ContractorCalculator have found data that shows IR35 is a “phony subsidised loss leader”, according to their CEO Dave Chaplin.
Based on information gained from HMRC themselves, it seems as though IR35 is failing with a terrible track record so far. Chaplin says: “For HMRC to achieve £1m in IR35 tax each year that it should be requires an average 28% success rate against the target 250 cases. HMRC’s IR35 teams just aren’t getting anywhere near that – they can’t even achieve 3%.”
The data looked at the first tax year of the taxman’s new administration framework back in 2012/13. There were a total of 256 cases and the stats aren’t too positive.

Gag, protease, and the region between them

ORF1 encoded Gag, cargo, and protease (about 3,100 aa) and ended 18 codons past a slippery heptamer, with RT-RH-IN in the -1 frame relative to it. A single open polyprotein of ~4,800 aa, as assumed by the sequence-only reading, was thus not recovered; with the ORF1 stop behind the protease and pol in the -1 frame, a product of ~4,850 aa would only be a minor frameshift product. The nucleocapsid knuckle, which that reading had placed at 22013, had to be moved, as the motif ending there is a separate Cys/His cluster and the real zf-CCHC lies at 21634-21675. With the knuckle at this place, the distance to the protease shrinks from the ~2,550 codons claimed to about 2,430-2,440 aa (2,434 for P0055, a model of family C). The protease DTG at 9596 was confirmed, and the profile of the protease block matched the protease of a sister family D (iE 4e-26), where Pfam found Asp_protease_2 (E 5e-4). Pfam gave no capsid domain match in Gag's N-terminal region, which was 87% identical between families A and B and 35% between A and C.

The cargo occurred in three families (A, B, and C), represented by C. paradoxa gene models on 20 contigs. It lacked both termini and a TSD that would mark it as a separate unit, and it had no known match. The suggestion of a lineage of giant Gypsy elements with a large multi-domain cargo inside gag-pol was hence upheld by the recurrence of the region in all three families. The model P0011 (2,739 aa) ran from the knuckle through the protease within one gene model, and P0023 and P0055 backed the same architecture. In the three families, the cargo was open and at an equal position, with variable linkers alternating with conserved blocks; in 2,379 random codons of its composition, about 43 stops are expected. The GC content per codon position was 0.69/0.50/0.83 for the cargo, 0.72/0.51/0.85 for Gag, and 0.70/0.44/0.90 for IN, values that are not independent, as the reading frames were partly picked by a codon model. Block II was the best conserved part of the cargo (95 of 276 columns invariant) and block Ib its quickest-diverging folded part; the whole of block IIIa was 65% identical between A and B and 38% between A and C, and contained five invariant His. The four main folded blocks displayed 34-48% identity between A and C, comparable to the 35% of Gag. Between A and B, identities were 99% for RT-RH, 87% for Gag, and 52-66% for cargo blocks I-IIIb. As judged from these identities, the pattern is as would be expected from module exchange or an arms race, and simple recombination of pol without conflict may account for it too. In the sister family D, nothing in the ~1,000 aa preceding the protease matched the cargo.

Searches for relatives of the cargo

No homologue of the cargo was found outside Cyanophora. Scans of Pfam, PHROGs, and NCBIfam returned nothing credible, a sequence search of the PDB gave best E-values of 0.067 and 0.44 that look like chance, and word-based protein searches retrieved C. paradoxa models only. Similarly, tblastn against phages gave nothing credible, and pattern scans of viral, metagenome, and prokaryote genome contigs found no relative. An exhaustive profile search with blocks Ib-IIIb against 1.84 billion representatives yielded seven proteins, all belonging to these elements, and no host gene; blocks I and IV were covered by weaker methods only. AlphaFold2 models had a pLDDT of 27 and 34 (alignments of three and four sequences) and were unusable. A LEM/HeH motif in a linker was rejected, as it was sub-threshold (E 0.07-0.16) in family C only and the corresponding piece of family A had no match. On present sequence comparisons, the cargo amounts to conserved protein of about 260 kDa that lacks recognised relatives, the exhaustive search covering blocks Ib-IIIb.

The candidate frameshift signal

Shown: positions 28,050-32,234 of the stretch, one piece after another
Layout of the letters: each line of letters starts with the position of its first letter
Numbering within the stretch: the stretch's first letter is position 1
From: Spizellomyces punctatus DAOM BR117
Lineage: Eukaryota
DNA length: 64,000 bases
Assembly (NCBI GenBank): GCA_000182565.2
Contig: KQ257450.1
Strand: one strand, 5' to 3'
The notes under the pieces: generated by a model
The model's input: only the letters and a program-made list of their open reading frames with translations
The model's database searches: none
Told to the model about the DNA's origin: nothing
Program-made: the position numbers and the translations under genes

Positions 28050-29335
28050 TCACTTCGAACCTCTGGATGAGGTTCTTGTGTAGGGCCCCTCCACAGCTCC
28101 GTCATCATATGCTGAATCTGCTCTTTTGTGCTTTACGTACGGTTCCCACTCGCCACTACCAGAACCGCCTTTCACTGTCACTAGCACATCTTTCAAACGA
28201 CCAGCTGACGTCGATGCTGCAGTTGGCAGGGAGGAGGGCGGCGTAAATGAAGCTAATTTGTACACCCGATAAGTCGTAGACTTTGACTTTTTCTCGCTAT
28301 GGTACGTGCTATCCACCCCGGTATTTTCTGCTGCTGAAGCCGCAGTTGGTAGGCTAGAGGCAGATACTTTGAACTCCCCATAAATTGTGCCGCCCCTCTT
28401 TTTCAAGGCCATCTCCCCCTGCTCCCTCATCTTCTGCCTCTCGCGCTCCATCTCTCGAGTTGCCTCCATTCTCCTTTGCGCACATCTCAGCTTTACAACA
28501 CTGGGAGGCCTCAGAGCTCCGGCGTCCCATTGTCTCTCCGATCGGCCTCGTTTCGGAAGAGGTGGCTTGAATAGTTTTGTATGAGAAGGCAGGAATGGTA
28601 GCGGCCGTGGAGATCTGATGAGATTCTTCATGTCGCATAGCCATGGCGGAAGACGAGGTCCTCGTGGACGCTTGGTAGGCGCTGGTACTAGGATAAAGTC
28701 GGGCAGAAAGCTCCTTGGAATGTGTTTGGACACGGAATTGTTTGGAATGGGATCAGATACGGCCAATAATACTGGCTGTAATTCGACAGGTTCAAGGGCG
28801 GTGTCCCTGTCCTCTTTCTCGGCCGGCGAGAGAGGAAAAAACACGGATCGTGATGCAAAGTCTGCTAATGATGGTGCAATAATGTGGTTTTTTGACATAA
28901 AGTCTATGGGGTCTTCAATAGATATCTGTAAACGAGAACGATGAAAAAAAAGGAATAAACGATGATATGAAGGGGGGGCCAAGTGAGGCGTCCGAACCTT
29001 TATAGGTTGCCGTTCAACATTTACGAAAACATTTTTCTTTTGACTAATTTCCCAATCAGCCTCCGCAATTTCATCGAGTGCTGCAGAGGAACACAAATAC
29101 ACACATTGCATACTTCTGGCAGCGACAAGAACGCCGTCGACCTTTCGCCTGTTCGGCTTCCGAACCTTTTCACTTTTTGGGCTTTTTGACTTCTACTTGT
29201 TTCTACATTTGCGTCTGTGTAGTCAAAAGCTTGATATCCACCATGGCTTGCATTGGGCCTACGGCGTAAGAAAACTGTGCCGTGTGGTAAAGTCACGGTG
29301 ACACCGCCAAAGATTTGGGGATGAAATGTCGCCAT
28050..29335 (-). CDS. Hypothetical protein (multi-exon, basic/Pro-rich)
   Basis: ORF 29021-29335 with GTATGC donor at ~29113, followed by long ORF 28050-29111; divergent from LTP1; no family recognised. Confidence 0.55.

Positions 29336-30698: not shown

Only five of those cases have paid any additional tax and between them they paid an extra £70,000. Nearly a third, or 76, of those cases are still open with every single one being between a year and two years old. Of the remaining 175 investigations, they’ve all been closed with no extra cash brought in.
If HMRC wanted to yield an extra £1m in tax, they’d need around 65 cases bringing in £14,000 each on average. That means the taxman will need to achieve that figure on nearly all of the still open cases. Although this seems highly unlikely as their success rate so far is just 2.9%.
Chaplin didn’t hesitate to stick the boot in about IR35: “Taxpayers continue to subsidise this IR35 loss-leader that we know is phony because the tax is not bringing in any revenue from other sources. HMRC has simply been unable to substantiate its claim that IR35’s deterrent effect generates £550m of tax.
“If HMRC were a business, it would only be able to afford to pay its 40-strong IR35 compliance team about £1.06 an hour based on its own performance figures”
Image by Chris Scott.